PA v. Jerry Sandusky: Why Waive a Preliminary Hearing?

Yesterday a reporter asked me about the decision by Jerry Sandusky’s attorney to waive his right to a preliminary hearing in which he would have had an early opportunity to face his accusers (perhaps as many as 11) in court. Frankly, I found the attorney’s decision to be another "head-scratcher" in what is becoming a pattern of unconventional decisions by the defense in this case. Yes, I am leery of offering opinions without having the benefit of all the objective facts and to be sure, there are times when it makes sense to waive this sort of hearing and place a client’s case on the fast-track to trial.

The circumstances where I would consider waiving this sort of hearing involve wanting to avoid the extreme prejudice and pre-trial publicity that comes when particularly salacious facts and egregious conduct is revealed for the first time in open court, or when I am defending a case in one of the jurisdictions where the government offers to exchange early (and not yet obtainable) discovery in exchange for such a "Waiver." I will also consider a waiver when the government’s witnesses are old, infirm, or transient and I do not want to give the government an opportunity to substitute their live testimony with transcripts by virtue of having been able to cross-examine them at the hearing. Finally, I will consider a waiver of the preliminary or probable cause hearing when the case is almost certain to be resolved with a plea and I do not want to expose the likely sentencing judge to all the underlying facts and to the emotions and pathos of the affected "victims" beforehand.

However, with the Sandusky case, where defense counsel not only appears defiant but is openly ridiculing the alleged victims with references to "1-800-REALITY" phone lines ( Careful there, Counselor!) and is insisting that his client will be vindicated at trial, the decision to waive the hearing strikes me as non-sensical. As an experienced criminal defense attorney whose practice includes a significant proportion of sex crimes cases, I welcome any opportunity to "discover" and probe the government’s case before trial, via a preliminary or probable cause hearing or any other procedures.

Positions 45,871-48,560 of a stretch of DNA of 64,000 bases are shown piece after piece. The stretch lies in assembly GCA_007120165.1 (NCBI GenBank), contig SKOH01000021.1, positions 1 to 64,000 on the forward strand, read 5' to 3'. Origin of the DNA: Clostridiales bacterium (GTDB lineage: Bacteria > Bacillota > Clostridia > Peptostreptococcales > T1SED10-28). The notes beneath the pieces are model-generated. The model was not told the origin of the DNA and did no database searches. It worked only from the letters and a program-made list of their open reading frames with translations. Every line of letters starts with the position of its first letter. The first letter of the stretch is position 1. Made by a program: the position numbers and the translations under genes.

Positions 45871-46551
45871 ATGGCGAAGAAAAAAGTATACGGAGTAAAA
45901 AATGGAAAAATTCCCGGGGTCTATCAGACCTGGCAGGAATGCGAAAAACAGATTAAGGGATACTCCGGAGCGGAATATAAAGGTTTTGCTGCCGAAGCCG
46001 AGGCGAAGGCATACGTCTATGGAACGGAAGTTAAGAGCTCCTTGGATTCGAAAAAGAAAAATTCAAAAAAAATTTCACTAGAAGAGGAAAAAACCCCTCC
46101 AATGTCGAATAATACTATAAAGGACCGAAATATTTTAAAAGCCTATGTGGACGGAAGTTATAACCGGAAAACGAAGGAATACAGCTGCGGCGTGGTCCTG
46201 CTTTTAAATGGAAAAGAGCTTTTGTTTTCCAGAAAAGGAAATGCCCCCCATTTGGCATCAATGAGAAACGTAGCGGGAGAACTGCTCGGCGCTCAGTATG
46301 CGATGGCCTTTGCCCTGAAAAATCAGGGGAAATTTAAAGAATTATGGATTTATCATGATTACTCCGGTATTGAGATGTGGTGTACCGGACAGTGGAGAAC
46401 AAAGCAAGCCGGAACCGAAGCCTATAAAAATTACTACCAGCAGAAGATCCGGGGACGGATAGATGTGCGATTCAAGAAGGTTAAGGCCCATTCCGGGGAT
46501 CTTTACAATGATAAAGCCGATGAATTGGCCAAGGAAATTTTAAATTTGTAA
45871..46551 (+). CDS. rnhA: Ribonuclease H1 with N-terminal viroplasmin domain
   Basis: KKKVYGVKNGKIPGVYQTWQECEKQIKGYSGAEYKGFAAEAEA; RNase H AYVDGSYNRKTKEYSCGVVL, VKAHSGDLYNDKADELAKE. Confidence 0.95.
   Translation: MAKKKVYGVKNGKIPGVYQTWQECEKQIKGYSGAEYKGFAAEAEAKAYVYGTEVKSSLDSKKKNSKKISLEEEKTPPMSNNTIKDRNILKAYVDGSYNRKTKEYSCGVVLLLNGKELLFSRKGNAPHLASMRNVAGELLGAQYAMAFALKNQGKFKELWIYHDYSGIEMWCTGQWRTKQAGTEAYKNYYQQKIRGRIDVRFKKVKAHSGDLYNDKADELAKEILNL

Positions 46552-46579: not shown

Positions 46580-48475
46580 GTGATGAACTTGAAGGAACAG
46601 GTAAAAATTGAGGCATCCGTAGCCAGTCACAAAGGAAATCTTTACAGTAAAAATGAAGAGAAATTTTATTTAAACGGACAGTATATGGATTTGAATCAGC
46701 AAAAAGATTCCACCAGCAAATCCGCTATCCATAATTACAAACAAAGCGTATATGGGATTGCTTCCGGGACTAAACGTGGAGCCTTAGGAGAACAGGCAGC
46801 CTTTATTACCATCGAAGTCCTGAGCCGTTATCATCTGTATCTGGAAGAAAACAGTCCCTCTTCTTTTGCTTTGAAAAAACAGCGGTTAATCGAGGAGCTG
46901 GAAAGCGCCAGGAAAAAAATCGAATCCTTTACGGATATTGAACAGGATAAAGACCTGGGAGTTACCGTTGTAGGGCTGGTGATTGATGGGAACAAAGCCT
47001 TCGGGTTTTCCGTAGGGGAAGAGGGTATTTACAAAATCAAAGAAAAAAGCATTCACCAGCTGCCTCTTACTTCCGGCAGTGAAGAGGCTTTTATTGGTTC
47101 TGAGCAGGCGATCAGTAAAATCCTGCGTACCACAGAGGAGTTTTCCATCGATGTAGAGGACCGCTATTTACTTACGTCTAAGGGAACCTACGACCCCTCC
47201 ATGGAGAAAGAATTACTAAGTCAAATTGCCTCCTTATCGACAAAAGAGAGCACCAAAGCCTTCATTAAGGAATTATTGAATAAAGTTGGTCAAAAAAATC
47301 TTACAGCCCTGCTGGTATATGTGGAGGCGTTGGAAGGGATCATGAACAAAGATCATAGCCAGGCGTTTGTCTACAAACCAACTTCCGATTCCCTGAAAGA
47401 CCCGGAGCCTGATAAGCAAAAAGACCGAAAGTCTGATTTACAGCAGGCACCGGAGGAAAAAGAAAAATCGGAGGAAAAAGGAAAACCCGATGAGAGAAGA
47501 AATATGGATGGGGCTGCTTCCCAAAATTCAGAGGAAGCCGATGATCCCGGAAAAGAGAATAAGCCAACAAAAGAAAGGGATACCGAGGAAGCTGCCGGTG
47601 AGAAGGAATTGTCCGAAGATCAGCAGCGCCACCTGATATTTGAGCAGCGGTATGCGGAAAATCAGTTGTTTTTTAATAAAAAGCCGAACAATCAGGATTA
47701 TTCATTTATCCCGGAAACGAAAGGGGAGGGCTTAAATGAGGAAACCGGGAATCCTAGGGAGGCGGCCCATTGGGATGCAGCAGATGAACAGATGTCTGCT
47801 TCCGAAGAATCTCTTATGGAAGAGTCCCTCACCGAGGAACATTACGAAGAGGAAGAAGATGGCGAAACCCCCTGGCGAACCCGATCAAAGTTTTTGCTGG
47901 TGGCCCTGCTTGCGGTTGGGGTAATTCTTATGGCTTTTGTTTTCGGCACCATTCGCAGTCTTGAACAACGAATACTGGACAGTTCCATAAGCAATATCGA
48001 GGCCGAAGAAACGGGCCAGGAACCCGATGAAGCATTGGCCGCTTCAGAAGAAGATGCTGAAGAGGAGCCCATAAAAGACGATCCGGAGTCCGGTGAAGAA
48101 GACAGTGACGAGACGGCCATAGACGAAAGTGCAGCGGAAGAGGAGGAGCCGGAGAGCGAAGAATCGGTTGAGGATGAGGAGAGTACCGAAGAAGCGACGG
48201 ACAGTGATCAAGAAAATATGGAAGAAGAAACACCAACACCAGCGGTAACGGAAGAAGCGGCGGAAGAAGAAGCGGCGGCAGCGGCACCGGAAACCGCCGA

Moreover, I always relish the opportunity to take an early "crack" at the government’s witnesses not just to try to lock them into sworn testimony that may later come back to haunt them (although you are rarely given latitude for a full-on "scorched earth" cross-examination at this sort of hearing) or to generate additional "statements" that often contrast and conflict with later testimony. I also like having the opportunity to be able to size-up and assess the potential jury impact of each witness (as well as his or her ability to withstand aggressive cross-examination). It is a great opportunity to "test" the plausibility of some of my more obvious defense theories and strategies and to obtain answers that I might not expect (and may later want to avoid).

Attending a preliminary hearing also provides me the opportunity (again with restricted latitude) to "interview" government witnesses who will almost certainly decline to be interviewed outside the courtroom. In some instances, too, it can provide a chance to blunt the one-sided public perception of a case and client (as filtered to the Press by the prosecution) and, albeit more rare, it can occasionally help sow early seeds of reasonable doubt.

These factors are usually more favorable to the defense, so the government often tries to avoid preliminary/probable cause hearings and instead pursues the route of direct indictment. Indeed, in most jurisdictions, the government is more likely to proceed via preliminary/probable cause hearing only in their weaker cases where they are either looking to lock-in the testimony of wavering witnesses or size them up for themselves!

For those same reasons, defense attorneys like me are almost always eager and grateful for the "access" and opportunity this type of preliminary hearing provides in advance of trial. Jerry Sandusky’s lawyer may well have his reasons for disagreeing, but to me, I cannot fathom, identify or understand what those reasons may be.

As an aside, you can check out my strategies in action at the probable cause hearing for my client Clark Rockefeller in his first degree murder case, scheduled in California on January 18.

If you have been accused of a crime and you need a lawyer to represent you please contact Brad Bailey at 781-589-2828